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"Believe Me Now, or Believe Me Later"

     Charles Hyder fell unconscious on the 78th day of his fast,
which he began on the day the first truckload of c, the Department 
of Energy's Waste Isolation Project Plant near Carlsbad, New Mexico.  
Friends and caregivers took him to the Carlsbad Medical Center, 
where he was given liquid and revived.  The friends persuaded him 
that his death by fasting would be a waste, since the media was 
paying no attention to the story.  The friends brought him home to 
his apartment in Albuquerque, and he broke his fast on the 82nd day.
     I visited him several times, and found him weak and wobbly,
but resolved to continue to fight the contamination of our planet
by radioactivity.
     On my most recent visit, I helped him see the lighter side
of these very serious matters.  I described to him the recent "60
Minutes" story in which AMA officials stated flatly that smoking
causes impotence.  Smoking inhibits blood flow through arteries,
including the arteries of the male sexual organ.  Sooner or later
impotence results.
     The great state of California is far ahead of the rest of us
with its anti-smoking campaign.  One ad depicts a young macho,
coming on to a gorgeous ready-to-be-aroused sophisticated lady. 
She's coming on to him, too.  But then he lights a cigarette,
which then goes limp, with appropriate drooping sound effects --
"whee-ooo-ooops..."  She wheels around and stalks off, while his
limp-dick cigarette wobbles and waves in the breeze.  Charles
laughed out loud at my description of it.
     I told him that the huge statue of the Marlboro Man in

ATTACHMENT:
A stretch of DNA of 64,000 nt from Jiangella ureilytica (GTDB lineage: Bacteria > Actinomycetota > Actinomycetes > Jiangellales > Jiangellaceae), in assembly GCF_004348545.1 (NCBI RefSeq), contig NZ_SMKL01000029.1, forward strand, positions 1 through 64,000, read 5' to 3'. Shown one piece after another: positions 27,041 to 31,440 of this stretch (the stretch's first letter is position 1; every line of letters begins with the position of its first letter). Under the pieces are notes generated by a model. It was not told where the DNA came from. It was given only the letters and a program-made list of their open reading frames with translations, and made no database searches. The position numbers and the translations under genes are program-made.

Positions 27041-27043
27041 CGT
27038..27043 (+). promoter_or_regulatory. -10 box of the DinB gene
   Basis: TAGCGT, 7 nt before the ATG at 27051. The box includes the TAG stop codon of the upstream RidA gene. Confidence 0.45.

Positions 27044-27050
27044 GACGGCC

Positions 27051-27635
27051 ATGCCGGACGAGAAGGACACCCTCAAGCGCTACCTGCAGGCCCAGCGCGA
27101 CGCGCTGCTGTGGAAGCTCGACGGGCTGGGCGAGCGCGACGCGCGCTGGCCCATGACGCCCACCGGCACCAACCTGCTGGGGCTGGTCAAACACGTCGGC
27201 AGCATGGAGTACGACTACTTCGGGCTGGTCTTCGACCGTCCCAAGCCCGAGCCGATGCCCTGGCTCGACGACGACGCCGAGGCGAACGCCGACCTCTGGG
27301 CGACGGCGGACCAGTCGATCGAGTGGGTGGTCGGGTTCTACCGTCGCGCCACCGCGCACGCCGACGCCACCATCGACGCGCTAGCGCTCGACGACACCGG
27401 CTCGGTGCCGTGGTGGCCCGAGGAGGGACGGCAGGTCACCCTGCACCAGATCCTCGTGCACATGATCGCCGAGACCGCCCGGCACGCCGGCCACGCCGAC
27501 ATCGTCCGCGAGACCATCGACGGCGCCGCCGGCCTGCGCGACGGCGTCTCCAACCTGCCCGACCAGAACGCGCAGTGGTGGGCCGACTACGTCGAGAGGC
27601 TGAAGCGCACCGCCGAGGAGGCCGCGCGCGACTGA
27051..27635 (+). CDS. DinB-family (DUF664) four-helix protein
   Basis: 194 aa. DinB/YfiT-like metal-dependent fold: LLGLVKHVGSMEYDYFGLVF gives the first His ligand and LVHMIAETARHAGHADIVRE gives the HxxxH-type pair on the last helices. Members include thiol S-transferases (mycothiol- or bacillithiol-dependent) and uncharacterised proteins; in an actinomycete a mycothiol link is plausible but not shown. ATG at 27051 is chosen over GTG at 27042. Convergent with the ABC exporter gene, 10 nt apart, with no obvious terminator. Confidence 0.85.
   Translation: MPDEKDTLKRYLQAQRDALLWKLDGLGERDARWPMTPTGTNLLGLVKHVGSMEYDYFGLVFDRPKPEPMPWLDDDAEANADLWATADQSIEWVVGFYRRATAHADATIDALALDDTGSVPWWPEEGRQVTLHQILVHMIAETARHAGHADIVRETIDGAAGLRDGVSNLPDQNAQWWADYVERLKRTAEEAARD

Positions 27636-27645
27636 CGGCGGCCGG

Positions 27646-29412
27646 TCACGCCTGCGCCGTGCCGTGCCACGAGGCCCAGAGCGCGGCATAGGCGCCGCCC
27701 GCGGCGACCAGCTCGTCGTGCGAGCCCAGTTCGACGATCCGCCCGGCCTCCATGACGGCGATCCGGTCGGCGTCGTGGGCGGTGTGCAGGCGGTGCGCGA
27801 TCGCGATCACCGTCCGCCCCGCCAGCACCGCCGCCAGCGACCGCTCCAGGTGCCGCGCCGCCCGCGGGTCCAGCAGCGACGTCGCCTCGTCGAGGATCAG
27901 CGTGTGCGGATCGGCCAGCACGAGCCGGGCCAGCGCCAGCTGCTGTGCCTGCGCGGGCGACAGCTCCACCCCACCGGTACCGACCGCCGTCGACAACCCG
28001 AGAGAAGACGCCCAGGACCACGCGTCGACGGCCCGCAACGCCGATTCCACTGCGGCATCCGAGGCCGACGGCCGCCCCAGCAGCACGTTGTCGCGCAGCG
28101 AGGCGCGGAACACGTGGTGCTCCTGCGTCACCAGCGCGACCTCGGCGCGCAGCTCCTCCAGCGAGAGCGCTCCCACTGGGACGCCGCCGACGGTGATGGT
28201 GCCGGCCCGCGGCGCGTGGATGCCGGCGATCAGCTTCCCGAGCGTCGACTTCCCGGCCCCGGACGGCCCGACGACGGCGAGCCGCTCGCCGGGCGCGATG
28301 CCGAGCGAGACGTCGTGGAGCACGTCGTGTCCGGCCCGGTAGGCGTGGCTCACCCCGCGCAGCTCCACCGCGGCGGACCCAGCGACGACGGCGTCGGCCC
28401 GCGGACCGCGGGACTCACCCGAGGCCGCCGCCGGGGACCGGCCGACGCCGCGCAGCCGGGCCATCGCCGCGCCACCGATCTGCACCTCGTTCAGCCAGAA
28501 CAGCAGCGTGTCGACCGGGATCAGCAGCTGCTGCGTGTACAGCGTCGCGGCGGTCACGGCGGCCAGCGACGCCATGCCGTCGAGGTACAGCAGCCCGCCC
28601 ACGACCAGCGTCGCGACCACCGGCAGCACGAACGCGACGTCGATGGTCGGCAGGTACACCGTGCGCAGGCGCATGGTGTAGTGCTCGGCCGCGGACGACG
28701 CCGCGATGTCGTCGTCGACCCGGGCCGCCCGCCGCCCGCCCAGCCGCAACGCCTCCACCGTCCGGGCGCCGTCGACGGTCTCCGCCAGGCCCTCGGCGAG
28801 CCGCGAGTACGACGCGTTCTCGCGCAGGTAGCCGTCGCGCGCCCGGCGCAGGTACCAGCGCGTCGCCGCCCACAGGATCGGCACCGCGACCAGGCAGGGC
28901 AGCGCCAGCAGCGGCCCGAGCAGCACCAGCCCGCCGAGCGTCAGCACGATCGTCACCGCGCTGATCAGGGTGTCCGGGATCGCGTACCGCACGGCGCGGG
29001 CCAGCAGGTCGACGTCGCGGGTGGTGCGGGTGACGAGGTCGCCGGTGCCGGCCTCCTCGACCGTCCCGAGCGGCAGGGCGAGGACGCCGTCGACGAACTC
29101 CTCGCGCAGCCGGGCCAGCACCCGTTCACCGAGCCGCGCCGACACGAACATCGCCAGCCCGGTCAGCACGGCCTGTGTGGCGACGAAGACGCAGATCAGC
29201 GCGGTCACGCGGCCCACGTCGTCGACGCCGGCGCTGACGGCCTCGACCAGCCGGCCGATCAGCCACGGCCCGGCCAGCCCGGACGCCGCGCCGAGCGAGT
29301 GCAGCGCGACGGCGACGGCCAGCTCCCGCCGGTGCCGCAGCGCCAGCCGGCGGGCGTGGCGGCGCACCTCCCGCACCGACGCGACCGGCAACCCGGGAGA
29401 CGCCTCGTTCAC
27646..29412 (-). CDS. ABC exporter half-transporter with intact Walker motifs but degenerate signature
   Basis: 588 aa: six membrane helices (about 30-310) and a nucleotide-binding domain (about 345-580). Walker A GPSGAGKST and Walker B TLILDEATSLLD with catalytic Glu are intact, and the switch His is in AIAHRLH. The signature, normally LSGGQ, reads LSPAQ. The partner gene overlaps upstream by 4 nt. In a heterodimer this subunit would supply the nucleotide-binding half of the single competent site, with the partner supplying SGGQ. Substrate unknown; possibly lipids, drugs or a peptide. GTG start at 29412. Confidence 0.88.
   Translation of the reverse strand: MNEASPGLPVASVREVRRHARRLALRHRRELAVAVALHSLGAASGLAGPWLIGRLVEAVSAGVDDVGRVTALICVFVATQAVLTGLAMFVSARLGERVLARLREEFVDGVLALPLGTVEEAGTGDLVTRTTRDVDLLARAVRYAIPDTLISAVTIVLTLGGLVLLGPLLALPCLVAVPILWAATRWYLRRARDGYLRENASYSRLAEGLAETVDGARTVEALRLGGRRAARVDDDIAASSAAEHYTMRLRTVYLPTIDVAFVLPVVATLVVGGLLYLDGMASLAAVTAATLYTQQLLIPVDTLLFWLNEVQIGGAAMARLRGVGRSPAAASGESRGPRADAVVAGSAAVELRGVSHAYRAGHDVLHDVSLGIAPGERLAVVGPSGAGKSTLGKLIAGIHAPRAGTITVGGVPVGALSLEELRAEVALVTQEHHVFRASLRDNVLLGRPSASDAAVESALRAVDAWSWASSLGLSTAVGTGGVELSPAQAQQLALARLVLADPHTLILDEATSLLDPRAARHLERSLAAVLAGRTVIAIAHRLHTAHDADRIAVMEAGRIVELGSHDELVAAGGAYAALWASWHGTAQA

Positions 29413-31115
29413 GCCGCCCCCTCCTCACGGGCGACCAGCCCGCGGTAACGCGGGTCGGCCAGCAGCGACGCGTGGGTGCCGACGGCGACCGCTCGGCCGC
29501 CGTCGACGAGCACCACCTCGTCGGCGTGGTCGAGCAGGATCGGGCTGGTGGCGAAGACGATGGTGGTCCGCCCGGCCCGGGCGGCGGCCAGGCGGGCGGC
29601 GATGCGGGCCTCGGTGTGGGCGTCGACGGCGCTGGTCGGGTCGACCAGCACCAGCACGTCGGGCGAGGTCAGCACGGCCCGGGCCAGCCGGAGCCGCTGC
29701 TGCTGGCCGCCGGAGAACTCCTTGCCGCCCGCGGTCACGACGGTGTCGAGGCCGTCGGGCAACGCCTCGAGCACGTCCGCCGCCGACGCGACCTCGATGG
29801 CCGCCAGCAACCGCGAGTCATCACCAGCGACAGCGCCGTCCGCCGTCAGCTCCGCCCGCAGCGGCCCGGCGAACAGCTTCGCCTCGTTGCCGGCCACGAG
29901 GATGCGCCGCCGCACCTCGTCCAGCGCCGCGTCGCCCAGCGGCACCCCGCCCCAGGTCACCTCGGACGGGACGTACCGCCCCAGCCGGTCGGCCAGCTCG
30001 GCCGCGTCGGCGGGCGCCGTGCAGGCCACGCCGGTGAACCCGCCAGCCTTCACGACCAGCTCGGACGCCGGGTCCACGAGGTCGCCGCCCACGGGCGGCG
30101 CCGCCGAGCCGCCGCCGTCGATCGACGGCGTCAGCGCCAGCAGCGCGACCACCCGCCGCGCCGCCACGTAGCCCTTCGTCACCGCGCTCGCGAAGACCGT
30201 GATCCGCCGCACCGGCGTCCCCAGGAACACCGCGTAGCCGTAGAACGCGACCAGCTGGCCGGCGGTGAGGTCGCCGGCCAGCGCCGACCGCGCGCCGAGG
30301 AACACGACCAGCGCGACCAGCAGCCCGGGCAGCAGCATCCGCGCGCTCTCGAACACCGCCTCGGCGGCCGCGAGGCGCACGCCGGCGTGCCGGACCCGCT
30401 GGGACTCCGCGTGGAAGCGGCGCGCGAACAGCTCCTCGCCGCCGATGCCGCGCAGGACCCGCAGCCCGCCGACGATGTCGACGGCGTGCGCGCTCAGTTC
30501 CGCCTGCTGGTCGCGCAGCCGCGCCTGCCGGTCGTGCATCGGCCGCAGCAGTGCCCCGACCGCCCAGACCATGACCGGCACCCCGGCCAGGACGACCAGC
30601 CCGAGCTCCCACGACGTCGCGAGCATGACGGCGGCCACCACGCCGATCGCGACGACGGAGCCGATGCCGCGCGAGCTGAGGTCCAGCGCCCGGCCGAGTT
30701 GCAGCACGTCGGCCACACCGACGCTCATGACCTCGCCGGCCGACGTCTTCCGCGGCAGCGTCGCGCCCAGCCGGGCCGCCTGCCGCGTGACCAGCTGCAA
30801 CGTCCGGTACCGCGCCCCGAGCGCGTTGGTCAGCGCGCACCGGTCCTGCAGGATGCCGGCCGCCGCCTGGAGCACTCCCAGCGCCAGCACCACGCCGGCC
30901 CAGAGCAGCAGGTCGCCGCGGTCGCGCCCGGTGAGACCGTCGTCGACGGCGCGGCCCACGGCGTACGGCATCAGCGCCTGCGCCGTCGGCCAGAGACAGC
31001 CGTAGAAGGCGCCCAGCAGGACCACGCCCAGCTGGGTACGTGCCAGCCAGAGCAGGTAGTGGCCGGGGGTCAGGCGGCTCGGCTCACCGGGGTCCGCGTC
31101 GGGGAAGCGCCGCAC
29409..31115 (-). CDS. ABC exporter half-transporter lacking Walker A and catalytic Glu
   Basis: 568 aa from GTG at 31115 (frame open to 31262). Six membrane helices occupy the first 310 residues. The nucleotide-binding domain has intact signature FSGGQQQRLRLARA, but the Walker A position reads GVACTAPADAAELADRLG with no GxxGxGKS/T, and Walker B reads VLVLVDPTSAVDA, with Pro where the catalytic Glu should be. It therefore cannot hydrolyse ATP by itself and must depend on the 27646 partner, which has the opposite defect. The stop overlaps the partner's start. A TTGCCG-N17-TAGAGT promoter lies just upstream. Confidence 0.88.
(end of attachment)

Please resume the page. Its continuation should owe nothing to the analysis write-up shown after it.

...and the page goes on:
Hollywood has been changed, to depict the young rugged good-
looking cowboy, with that same wilted drooping cigarette in his
mouth, with the word "impotent" spelled out in the background.
     The "60 Minutes" story ended with the reporter talking to
the elderly M.D., who had just made extremely flat statements
about how smoking causes impotence.  "The young men won't believe
you," the reporter says.  
     The doctor smiles and says, "They may not believe me now,
but there will come a day when they will wish that they had
believed me now."
     I recalled the ad for Fram Oil Filters, from decades ago. 
The mechanic smiles at you and says, "You can see me now, or you
can see me later."  #3.95 for a new oil filter now, or $500.00
for a new ring job later.
     I told Charles, "You're doing the same thing.  They can
believe you now, or they can believe you later.  Now, they can
keep this stuff in no-release containers and monitor it and work
on solving the problem with a new technology not thought-of yet. 
Or they can scatter it all over the biosphere, as they are now
beginning to do at WIPP, and they and their children and their
children's children will have to learn to live with leukemia and
other cancers."
     "I'm writing another book!" Charles exclaimed.
     "What's this one?" I asked, thinking he was changing the
     "THE LAST TRUTH," he said.
     "Which is?"
     "All those things people refuse to hear and think about."
     "Oh.  Another one of them," I said.  "We have several right
here on our list already.  Yours: HUMAN SURVIVAL ON A PLUTONIUM-
     Charles was more animated at that point than I.  I wondered
whether either one of us needed to write another book which
spelled out clearly what our species has decided not to think
     My mood dropped even lower.  I thought of Bill, the visitor
from Andromeda, who questioned, in VERMIN, whether a species that
constantly needed saving could possibly be worth the trouble.
     But Charles was excited, and considering what he had just
been through, I felt ashamed of my own discouragement, and roused
myself, and got back to work.

                            *   *   *

Copyright © 1999 Harry Willson

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